By contrast, areas of technology that require much less time in development are continuing to gain attention. One area that is attracting interest these days is RFID technology, which uses radio frequency identification tags that work like bar codes to track merchandise more precisely. The technology is hardly cutting edge; it has been ready for market for several years. But an international consortium has now established standards for RFID systems and is working with more than 30 companies to roll them out for large supply-chain management applications in the next year, creating lucrative opportunities for startups such as ThingMagic in Cambridge, MA, and Rockville, MD–based Matrics, which was acquired by Symbol Technologies for $230 million.

Other technology sectors finding favor with venture capitalists:

Mobile applications: entrepreneurs and venture capitalists are creating and funding companies that are developing new applications and services for cell phones, MP3 players, and other mobile devices; recent startups have concentrated on games, video, photo and music sharing, and location-based services. One example is AudioFeast, which offers portable Internet radio service for MP3 players and mobile devices and raised $10 million in a recent round of financing.

Business on the Internet: the growing number of computers online and higher broadband penetration into households is helping business on the Internet to finally begin to fulfill its promise. And with Internet powerhouses like Google, Amazon, and Yahoo doing well, venture capitalists are feeling confident in Internet companies again. “Twenty-four months ago, they couldn’t get any love from venture guys. Now they’re beating down their door,” says Tim Connors of U.S. Venture Partners. LinkedIn, a social-networking company in Mountain View, CA, secured $10 million in second-round financing in October; and Snocap, an online music copyright management company in San Francisco founded by the creator of Napster, got $10 million in December.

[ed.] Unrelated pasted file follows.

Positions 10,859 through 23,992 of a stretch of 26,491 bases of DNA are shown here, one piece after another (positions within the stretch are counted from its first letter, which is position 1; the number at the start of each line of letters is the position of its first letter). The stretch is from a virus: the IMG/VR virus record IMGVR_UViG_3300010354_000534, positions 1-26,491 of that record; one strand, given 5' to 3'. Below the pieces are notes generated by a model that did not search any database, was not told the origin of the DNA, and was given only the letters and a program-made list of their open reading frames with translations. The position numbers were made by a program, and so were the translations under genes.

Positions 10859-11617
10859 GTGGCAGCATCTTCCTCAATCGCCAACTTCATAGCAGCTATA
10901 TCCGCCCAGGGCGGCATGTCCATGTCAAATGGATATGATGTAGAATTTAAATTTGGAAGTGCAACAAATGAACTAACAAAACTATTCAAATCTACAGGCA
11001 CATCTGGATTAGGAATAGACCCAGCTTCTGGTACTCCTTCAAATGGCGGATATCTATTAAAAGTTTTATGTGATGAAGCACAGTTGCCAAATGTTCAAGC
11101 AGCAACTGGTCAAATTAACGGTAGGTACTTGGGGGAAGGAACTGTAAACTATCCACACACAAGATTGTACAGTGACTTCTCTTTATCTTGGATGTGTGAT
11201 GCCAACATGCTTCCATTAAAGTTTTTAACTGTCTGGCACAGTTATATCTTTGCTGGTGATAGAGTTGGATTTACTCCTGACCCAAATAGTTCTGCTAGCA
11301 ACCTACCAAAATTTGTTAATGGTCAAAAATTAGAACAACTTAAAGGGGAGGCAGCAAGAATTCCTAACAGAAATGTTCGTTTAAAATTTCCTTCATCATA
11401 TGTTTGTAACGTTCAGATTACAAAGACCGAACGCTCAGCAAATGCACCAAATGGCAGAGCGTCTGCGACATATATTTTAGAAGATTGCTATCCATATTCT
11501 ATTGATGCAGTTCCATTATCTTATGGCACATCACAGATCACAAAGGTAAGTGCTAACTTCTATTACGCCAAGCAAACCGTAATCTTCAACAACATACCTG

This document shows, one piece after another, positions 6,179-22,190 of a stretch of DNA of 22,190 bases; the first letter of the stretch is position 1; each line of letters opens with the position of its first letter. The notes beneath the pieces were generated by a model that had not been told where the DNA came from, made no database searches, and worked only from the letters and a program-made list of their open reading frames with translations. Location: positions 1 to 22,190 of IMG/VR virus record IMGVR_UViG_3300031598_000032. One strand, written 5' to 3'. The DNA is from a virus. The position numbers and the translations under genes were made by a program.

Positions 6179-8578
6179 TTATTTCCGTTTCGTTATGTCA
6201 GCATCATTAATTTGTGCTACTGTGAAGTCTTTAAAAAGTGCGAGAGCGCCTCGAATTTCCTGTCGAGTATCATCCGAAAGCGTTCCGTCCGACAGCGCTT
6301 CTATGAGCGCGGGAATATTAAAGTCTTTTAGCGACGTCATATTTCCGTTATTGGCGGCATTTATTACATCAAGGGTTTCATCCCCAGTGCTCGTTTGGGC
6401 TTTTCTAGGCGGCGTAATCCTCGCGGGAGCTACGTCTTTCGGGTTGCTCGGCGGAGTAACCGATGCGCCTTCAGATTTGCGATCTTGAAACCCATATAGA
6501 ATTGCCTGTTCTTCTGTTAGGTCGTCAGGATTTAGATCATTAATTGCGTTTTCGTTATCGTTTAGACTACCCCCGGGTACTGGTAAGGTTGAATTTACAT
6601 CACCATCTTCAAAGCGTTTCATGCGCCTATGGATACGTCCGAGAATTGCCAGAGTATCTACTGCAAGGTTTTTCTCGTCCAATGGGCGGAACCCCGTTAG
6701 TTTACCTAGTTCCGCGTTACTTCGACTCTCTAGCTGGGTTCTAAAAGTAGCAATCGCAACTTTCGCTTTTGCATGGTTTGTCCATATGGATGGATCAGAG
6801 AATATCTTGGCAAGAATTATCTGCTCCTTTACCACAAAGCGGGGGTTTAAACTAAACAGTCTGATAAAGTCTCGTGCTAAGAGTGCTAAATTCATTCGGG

Anything having to do with IT security: though chief information officers are still on tight budgets, what money they are spending often goes to security. Viruses, worms, and spyware are on the rise, and entrepreneurs have leaped at the chance to make a buck off the fears they inspire. “It’s an area that’s been funded like crazy, but it’s a problem that hasn’t been solved,” says Jeff Andrews of Atlas Ventures. Lending even more urgency to the development of security-related technology is the increase in government accounting regulations. Companies are under growing pressure to keep better track and control of all their documents, and they need new software and systems to do it. CIOs have no choice but to buy new technologies that enable them to comply with new government regulations.

Biotech startups: people will always get sick. Health-care costs continue to soar, and the drug pipeline remains constricted. So investors are turning to biotech, and especially to drugs for cancer, inflammation, and neurological and infectious diseases. Jazz Pharmaceuticals of Palo Alto secured last year’s biggest venture capital financing round, $250 million, to commercialize drugs for neurological and psychiatric disorders. PharmAthene of Annapolis, MD, received $50 million in financing in October to develop therapeutics for bioterrorism agents.

Technology Review editors Gregory T. Huang, Corie Lok, and David Rotman contributed to this report.